Brazil’s outgoing president, Michel Temer, has signed his approval of a new law that legalizes sports betting. A potential market of 200m people has now opened up to operators to target.
The change in the law is potentially lucrative for both Brazil and the operators who will be applying for a license in the region.
Many attempts to legalize sports betting in recent years were shot down. But with Brazil needing some quick new methods to raise funds, this was a natural move. Operators will now be working hard and fast to be one of the first sportsbooks to capitalize on this new market.
Road to legalization
Expansion of the gambling laws was thrust back into center stage in Brazil in 2014, when there was extensive talk of legalizing casinos, as well as bringing in regulations for the online gambling space.
Initially, the draft sports betting bill was put forward during March 2018, but was quickly rejected. However, since then its backers have managed to rally and find a route to approval.
As the majority of people in Brazil own smartphones, it makes sense to offer online gambling. On 20 November, the Chamber of Deputies gave the green light to approve provisional measure 846/2018.
Only one person opposed the bill at that stage. In November, the bill also received the approval of the Senate, in large part thanks to the support of the new justice minister, Sergio Moro. While there were concerns about the President Temer’s willingness to give the final seal of approval due to his anti-gambling stance, the bill passed into law on 12 December.
At the signing ceremony, the president was there along with the ministers for sports, culture, human rights and public security. Each of these departments will receiving some of the tax revenue deriving from sports betting.
Many people were caught by surprise as to how quickly the sports betting law went through. Everything was completed in just under four weeks, despite expectations that the process could drag long into 2019 as opposition parties were planning to oppose it.
There will now be a two-year period in which the Ministry of Finance can formulate new regulations for the sports betting space.
One of the key issues up for debate will be awarding sports betting licenses to operators. While the backers say that there will be a competitive market, the indications are that it’s likely a monopoly situation will form for the sector in Brazil.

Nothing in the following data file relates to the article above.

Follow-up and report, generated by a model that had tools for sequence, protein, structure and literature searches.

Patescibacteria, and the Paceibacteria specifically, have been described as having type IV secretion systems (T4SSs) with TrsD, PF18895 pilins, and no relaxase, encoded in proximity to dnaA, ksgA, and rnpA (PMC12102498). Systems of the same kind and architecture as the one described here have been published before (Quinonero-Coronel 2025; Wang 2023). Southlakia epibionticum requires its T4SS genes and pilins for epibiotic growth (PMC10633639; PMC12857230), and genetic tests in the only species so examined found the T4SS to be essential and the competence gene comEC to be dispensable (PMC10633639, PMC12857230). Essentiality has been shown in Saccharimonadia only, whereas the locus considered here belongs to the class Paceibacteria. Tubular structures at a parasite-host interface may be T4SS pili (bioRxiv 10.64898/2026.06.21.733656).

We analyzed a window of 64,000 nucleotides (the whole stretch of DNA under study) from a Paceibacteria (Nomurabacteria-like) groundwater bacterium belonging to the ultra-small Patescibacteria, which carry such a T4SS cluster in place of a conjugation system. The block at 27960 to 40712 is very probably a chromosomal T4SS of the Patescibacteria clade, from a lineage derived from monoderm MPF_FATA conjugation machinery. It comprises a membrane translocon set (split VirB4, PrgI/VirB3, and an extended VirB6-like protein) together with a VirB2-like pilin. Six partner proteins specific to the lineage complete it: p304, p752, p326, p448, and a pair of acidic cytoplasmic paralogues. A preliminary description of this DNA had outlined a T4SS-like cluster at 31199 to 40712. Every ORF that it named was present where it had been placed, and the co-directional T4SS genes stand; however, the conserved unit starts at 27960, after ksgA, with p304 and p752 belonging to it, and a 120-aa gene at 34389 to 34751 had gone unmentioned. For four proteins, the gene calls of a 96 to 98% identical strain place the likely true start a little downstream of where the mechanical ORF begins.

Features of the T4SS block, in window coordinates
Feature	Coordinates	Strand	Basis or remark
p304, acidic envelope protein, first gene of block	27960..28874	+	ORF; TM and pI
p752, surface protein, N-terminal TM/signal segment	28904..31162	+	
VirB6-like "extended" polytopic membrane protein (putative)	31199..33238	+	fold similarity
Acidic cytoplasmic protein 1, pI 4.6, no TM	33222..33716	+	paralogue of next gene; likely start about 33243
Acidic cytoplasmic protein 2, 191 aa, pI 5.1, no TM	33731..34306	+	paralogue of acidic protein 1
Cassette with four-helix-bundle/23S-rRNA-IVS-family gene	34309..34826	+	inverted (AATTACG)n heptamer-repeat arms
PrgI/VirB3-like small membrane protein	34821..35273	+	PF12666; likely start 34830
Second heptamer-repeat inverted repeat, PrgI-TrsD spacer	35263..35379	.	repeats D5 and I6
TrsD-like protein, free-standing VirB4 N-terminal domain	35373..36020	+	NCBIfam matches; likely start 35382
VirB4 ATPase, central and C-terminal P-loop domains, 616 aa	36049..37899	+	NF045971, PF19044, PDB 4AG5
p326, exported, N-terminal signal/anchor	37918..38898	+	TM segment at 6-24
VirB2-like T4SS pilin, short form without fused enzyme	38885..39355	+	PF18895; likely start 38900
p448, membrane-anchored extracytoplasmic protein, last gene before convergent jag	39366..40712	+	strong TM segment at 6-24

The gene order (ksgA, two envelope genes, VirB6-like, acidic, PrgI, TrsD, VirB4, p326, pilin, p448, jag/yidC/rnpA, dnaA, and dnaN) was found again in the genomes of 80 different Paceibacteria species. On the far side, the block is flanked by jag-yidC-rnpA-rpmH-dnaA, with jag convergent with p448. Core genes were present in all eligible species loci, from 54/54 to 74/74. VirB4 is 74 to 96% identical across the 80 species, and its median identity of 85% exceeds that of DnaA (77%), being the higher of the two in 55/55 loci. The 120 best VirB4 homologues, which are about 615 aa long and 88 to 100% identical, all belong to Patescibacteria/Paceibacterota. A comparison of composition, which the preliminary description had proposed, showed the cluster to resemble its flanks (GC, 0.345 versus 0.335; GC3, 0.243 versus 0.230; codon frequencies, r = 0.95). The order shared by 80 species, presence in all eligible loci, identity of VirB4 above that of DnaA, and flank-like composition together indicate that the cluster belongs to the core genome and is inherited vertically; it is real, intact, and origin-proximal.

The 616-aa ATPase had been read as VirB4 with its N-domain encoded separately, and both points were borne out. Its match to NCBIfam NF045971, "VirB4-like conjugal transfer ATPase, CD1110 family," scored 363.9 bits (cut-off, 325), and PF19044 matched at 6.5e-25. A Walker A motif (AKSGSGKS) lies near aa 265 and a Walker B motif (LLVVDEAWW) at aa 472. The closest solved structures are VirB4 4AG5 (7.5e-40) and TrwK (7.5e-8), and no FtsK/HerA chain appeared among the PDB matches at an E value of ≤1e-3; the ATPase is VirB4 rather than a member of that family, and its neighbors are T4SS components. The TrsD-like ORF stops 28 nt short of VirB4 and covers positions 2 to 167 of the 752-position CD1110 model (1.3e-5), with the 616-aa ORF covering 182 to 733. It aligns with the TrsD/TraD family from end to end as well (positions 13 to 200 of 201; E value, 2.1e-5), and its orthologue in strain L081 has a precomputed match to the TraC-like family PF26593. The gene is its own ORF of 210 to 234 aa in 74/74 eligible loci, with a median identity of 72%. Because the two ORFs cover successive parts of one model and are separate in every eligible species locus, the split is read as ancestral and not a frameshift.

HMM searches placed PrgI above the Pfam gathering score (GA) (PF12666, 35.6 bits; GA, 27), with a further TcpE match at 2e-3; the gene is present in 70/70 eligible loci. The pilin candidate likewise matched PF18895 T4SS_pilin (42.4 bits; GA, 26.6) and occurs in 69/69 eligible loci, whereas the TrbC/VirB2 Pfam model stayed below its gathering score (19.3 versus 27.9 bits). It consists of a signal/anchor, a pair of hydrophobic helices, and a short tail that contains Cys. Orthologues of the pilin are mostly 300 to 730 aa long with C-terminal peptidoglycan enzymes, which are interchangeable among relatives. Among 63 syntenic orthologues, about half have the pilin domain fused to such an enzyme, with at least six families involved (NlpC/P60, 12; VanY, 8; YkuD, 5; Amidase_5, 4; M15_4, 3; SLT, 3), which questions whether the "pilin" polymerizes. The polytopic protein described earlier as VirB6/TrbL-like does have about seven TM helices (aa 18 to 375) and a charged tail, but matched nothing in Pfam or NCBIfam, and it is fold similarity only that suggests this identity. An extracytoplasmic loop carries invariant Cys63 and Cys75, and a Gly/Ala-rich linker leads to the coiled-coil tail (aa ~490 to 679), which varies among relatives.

Contents of the law
While much work will be done in the next couple of years on the actual regulations for sports betting, some points are already known.
For physical facilities offering sports betting, 80% of their handle must go back to the bettors. For those operating online sportsbooks, 89% of the handle must do so. This means that the odds for bettors are going to be competitive, while operators’ margins will be tight.
There will also be a government tax of 6% on live operator handles and 8% from the online operators.
There is also a controversial provision in place to give funds to the National Public Security Fund. This law proposes that 2.5% of the revenues from physical sportsbooks and 1% from online sportsbooks will go towards this fund. Many parties would like to see these funds distributed in a different manner.
A lucrative but regulated market
As there are 200 million potential customers in Brazil, most of whom have smartphones, this is a potentially lucrative market for operators, despite the strict requirements.
Brazil has always been a proud sporting nation that loves the entertainment that these activities bring to the table. It is the fifth biggest nation on the planet and there will be a lot of interest from overseas operators.
Sports bettors will be comfortable with the consumer protections that will be in place, so it’s likely we will see a lot of bets being placed.
The law will also be of great help to the Brazilian government as it will provide much-needed funds to help balance the budget.
Finally, many believe that this could be a stepping stone for further expansion of the country’s gambling laws. For example, the Las Vegas Sands group has been talking about making an investment of $8bn in a casino project in Rio de Janeiro if casinos become legal.